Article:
State Department officials have been studying the feasibility of admitting thousands of Palestinian refugees from Lebanon to the United States. But the department last night denied earlier reports that Secretary of State George P. Shultz had ordered the study and said the idea had been abandoned as impractical.
State Department spokesman John Hughes, contradicting what several officials said on background earlier in the day, contended that Shultz had given no such order. Instead, Hughes said, a study of that nature had been initiated without Shultz's knowledge at "a low level," but he insisted that "it had no standing" and was not being pursued.
Earlier, several officials in various State Department offices, speaking on condition they not be identified, confirmed as "substantially accurate" a report by a Washington newsletter, the Middle East Policy Survey, that Shultz had instructed the bureau of Middle East affairs to undertake the study.
Some also provided details not included in the newsletter report. They said that the study envisioned the possibility of admitting as many as 10,000 Palestinians and said that it was being pursued despite warnings from some State officials that the idea was likely to encounter heavy opposition from the American public and Congress.
In addition, the Middle East affairs bureau issued a statement yesterday afternoon acknowledging that "we are looking at the possibility of a refugee admissions program for certain Palestinians in Lebanon."
After Hughes disassociated Shultz from the study, some of the officials who described the study earlier were contacted again last night by The Washington Post. At that time, they said there had been "some confusion and misunderstanding" earlier and added that they were unable to say more.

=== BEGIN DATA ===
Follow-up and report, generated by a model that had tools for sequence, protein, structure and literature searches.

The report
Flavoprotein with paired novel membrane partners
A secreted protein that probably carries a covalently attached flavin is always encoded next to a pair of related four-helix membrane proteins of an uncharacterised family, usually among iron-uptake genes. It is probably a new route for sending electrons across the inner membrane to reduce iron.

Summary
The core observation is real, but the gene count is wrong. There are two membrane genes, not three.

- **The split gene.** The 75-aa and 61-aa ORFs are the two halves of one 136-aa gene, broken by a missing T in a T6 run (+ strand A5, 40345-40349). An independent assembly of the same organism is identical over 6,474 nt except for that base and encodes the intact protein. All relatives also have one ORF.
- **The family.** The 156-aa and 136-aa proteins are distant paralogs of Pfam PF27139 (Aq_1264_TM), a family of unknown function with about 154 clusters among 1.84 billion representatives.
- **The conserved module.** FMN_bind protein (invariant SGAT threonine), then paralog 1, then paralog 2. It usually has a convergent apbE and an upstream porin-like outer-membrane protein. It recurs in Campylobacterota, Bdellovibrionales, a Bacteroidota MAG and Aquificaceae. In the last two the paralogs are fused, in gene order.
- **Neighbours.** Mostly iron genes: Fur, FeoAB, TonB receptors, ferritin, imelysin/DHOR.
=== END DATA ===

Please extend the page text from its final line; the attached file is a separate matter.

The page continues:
The earlier accounts provided by the newsletter and by department sources said that Shultz had called for the study partly out of humanitarian concern for the refugees and partly because the Israeli and Lebanese governments believe that resettling some of the estimated 800,000 Palestinians in Lebanon would ease tensions in that country.
The sources said the study initially proposed admitting up to 50,000 Palestinians but that the number was scaled back to a theoretical maximum of 10,000 after some department officials expressed concern about public perceptions of the Palestinians being associated with Middle East terrorism.
Other objections cited by the sources were that such a plan would encourage the Arab world to continue ignoring its responsibilities to the Palestinians, disrupt immigration policy by favoring the Palestinians over other groups and cause resentment at a time of high domestic unemployment.
In addition, the sources noted, the idea is at odds with the Reagan administration's argument that its struggle against communism in Central America is, in part, an attempt to ward off the possibility of having to absorb thousands of refugees from that area.
Some sources said part of the impetus for the study came from Shultz's recent discussions here with Israeli Defense Minister Moshe Arens, an advocate of resettling the Palestinians from Lebanon.
Hughes acknowledged that Shultz had discussed the refugees with Arens, but he insisted that the secretary had done so only in the context of expressing concern about their plight and had said nothing about the United States taking in Palestinian refugees.
The sources also said the study was being directed by David T. Schneider, a deputy assistant secretary for Mideast affairs. Last night, however, these sources said they no longer were certain that Schneider had been involved, and Hughes said that Schneider's connection had "been peripheral at best."